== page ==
Coronavirus in Michigan: Day 42

Backlogged: Michigan tracks more than 200 new COVID-19 deaths 

Statewide coronavirus case count nears 33,000 with at least 2,700 deaths

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(This story was updated at 3:15 p.m.) 

TUESDAY, April 21 — After catching up with recent death certificates, state officials reported more than 200 more COVID-19 deaths today, bringing the statewide death toll to at least 2,700.  

Across Michigan, about 1,000 new cases of the coronavirus also brought that total to nearly 33,000 cases, including more than two dozen new confirmed cases reported in Greater Lansing.  

Here are the latest case and death statistics across Greater Lansing, Michigan and the country:                  

Ingham County                  

Cases — 335  

Recoveries — 104       

Recovery Rate — 31%   

Deaths — 6    

Fatality Rate — 1.8%         

Most local cases, 61-66 of them, are tracked in Lansing zip code 48911. Much of the rest of south Lansing, Mason, East Lansing, Meridian and Bath townships each tallies 36-45 cases in zip codes 48910, 48823 and 48854. Zip code 48864 tracks 26-30 cases. Zip codes 48912, 48842 and 48906 each track between 16-25 cases. Zip codes 488915, 48840, 48895, 48917, 48819, 48827, 48892, 48909, 48933, 49251, 49264 and 49285 each track 15 cases or less.

Ingham County officials have also tracked at least a few COVID-19 cases among the patients and staff at Burcham Hills Retirement Community in Lansing and the Ingham County Medical Care Facility in Okemos. Health Officer Linda Vail estimated at a press briefing today that at least two cases had been identified at each location.

Eaton County                  

Cases — 99   

Recoveries — 61      

Recovery Rate — 61.6%    

Deaths — 5           

Fatality Rate — 5%       

Clinton County                  

Cases — 105   

Deaths — 7      

Fatality Rate — 6.7%                  

Officials at the Mid-Michigan County Health Department do not report recovery statistics.      

Michigan                  

Cases — 32,967 (+3%)   

Recoveries — 3,237 (as of 4/17/20)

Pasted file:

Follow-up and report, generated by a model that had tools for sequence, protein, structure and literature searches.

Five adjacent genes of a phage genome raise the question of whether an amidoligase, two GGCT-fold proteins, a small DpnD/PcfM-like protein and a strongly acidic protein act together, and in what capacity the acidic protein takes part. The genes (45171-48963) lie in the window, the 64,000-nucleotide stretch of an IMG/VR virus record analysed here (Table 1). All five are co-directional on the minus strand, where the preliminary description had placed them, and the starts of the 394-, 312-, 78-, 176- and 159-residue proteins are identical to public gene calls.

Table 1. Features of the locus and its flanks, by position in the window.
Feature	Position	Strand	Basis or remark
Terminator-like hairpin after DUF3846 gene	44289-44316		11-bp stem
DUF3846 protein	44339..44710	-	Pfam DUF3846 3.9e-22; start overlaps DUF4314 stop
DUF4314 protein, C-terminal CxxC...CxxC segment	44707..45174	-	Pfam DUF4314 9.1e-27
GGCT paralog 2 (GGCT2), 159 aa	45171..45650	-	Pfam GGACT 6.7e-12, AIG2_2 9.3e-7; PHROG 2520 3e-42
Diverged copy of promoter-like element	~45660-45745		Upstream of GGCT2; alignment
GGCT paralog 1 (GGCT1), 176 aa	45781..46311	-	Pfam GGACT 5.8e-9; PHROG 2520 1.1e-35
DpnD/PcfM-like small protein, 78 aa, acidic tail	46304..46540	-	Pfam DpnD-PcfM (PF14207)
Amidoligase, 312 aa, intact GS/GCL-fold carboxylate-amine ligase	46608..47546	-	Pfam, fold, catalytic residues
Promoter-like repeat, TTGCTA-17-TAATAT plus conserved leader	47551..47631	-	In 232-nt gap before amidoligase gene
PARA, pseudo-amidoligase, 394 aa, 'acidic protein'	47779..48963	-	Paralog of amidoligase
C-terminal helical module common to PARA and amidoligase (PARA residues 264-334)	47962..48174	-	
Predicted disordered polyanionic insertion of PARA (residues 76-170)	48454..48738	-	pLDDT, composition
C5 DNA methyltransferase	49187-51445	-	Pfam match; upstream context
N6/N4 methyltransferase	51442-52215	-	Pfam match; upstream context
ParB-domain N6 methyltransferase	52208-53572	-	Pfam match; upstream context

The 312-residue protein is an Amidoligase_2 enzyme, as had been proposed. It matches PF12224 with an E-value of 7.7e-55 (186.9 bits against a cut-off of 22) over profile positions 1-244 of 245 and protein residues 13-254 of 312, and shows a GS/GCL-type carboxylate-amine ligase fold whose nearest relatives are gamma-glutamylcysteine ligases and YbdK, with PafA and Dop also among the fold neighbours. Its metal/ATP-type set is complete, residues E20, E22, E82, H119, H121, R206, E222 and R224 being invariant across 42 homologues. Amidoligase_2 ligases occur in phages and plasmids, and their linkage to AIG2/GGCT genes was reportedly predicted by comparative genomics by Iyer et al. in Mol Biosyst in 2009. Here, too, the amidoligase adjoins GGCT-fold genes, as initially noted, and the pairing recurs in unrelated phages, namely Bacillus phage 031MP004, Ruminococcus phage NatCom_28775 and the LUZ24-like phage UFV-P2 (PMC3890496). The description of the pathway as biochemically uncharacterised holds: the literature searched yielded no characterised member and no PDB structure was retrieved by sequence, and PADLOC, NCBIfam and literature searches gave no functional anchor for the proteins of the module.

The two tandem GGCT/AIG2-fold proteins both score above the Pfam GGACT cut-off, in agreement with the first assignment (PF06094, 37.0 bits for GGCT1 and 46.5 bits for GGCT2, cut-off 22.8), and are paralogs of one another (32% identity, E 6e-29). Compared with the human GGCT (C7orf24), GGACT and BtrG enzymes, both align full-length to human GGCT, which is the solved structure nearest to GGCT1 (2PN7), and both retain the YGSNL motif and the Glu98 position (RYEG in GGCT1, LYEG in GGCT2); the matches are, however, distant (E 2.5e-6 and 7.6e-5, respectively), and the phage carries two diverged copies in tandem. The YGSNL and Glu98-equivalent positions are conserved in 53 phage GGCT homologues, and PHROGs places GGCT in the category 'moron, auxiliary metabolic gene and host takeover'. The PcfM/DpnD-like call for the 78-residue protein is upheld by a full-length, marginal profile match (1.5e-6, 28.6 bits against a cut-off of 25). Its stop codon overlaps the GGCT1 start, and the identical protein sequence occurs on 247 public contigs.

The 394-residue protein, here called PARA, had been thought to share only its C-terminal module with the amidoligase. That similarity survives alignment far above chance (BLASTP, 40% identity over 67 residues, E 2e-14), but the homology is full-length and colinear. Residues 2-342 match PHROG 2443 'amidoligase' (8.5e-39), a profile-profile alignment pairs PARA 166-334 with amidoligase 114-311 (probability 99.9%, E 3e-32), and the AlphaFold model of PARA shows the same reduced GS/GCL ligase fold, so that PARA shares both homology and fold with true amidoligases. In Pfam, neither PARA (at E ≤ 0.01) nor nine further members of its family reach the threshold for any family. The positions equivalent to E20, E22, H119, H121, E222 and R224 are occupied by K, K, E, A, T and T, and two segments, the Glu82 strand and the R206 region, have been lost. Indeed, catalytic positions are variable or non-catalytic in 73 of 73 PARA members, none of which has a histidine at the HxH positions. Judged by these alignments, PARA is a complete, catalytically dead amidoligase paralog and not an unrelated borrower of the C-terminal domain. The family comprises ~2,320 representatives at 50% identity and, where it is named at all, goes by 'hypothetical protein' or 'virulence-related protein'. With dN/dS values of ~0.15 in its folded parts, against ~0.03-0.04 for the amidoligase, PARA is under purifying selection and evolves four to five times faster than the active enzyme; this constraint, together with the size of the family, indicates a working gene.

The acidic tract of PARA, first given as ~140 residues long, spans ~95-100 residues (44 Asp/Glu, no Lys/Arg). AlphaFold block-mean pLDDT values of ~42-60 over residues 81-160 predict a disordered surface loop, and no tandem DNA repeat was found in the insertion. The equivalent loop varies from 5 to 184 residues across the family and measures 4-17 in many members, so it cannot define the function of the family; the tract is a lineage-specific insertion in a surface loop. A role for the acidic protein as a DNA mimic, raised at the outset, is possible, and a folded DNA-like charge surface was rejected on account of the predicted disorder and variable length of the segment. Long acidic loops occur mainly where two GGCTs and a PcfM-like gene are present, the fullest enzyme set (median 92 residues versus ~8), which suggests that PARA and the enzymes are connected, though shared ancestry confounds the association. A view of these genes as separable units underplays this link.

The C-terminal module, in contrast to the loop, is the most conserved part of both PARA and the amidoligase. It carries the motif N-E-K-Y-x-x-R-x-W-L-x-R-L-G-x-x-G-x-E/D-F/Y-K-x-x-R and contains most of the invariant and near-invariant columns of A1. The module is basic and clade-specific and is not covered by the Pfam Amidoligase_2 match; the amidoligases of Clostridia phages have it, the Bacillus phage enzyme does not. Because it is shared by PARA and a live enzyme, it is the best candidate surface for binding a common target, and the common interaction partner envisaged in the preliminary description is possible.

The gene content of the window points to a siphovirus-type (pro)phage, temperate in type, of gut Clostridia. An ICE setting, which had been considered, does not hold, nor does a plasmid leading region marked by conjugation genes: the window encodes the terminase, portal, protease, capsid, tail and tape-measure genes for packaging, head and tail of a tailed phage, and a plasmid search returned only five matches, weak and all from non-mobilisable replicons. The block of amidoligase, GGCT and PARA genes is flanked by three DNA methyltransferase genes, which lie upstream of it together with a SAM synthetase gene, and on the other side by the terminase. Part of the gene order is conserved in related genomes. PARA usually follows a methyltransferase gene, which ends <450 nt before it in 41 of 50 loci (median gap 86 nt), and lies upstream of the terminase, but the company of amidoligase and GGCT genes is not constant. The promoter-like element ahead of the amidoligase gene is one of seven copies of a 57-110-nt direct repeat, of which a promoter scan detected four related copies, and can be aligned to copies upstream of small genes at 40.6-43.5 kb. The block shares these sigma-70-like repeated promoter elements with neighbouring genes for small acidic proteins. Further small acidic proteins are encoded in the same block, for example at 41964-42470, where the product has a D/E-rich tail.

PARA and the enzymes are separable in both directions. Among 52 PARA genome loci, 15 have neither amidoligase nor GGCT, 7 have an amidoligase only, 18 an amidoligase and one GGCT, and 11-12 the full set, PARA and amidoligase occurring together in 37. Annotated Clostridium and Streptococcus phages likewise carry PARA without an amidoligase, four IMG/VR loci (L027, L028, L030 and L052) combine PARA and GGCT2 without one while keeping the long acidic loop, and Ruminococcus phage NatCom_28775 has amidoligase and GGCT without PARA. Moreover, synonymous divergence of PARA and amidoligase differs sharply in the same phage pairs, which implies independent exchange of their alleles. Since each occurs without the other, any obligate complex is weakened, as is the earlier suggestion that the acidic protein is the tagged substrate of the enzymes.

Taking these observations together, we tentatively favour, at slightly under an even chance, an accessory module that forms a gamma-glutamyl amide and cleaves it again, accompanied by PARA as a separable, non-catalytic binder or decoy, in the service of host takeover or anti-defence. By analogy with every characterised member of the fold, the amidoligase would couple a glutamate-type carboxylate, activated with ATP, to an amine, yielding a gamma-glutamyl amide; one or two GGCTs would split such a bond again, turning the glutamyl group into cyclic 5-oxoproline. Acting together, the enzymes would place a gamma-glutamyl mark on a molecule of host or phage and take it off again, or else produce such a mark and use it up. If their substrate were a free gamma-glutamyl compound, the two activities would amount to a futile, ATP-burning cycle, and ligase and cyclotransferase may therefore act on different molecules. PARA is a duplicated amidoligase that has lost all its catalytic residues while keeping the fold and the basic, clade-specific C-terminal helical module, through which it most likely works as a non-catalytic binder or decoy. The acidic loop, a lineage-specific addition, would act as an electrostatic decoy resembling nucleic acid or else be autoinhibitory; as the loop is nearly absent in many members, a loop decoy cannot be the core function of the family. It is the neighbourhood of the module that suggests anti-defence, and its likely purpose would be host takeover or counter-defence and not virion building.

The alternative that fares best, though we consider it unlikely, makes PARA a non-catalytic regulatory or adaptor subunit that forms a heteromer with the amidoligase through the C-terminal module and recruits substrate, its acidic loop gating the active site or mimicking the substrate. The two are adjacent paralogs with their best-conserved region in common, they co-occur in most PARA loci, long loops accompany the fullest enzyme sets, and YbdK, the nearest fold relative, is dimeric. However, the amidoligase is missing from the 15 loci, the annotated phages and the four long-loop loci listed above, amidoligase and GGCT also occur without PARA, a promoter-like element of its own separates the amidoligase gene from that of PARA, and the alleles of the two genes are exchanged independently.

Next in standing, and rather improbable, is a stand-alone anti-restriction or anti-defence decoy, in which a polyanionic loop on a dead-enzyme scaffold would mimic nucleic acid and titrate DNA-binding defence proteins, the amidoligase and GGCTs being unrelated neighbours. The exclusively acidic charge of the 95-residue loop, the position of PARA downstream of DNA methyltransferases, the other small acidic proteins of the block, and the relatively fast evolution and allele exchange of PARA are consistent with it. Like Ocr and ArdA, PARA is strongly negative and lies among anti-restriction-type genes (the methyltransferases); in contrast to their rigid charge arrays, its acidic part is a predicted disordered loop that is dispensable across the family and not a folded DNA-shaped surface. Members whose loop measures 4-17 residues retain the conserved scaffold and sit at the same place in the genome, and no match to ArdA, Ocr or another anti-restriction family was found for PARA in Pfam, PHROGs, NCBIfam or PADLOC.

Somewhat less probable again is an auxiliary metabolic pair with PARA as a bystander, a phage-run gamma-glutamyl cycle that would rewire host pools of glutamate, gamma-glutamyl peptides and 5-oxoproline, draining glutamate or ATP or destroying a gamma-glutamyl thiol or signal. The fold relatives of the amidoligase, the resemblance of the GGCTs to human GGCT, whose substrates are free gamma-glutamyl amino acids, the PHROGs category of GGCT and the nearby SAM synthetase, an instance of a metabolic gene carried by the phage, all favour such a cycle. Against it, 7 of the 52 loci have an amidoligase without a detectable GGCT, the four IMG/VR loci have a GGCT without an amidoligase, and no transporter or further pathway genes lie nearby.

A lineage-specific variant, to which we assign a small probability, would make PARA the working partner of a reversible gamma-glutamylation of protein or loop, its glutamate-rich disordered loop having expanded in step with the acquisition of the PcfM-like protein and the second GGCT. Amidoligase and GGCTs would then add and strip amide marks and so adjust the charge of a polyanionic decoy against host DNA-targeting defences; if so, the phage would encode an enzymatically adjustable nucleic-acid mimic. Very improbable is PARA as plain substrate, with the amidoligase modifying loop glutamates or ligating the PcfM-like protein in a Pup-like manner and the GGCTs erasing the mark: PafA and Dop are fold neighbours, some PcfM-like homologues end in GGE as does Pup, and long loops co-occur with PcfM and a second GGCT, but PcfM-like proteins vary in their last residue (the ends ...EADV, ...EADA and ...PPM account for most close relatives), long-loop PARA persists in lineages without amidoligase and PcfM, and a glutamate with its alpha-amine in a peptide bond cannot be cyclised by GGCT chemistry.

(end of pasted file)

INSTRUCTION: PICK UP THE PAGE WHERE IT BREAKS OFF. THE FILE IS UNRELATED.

Recovery Rate — 9.8%  

Deaths — 2,700 (+9.4%)   

Fatality Rate — 8.2%    

According to state reports, about 76% of cases (and about 83% of those dead) are from Oakland, Macomb and Wayne counties, including the city of Detroit. Data also shows African Americans accounted for 33% of cases and 40% of deaths. Caucasians accounted for 31% of cases and 43% of deaths; those of unknown race charted 24% of cases and 11% of deaths.          

At least 615 cases and 20 deaths are among Michigan Department of Corrections inmates.            

U.S.                

Cases — 804,194 

Deaths — 43,200 

Fatality Rate — 5.4%   

Source: CNN           

Michigan is the state with the sixth most confirmed cases in the country, behind New York, New Jersey, Massachusetts, California and Pennsylvania. Michigan also reports the third most virus deaths in the U.S. behind New York and New Jersey. The U.S. has the most cases in the world.   

In Lansing…   

A recent Facebook announcement of an armed protest in Lansing against Gov. Gretchen Whitmer’s emergency shutdown was a fake. No such protest formed yesterday. Lansing Mayor Andy Schor said the city will continue to monitor and prepare for future demonstrations. 

The Michigan Conservative Coalition penned an open letter today to Schor, clarifying that no future “Operation Gridlock” protests have been planned in the city of Lansing. The organizers also chided the protestors who left their vehicles to protest on the Capitol lawn last week. 

“We do not support or encourage attendance to these protests. Quite the opposite, we will be communicating in various ways that citizens should NOT participate,” the letter reads. “Why? Our goal was to bring attention to the irrational rules in place that were putting over 1,000,000 workers on the unemployment line. We feel the Governor has heard the peoples’ message.”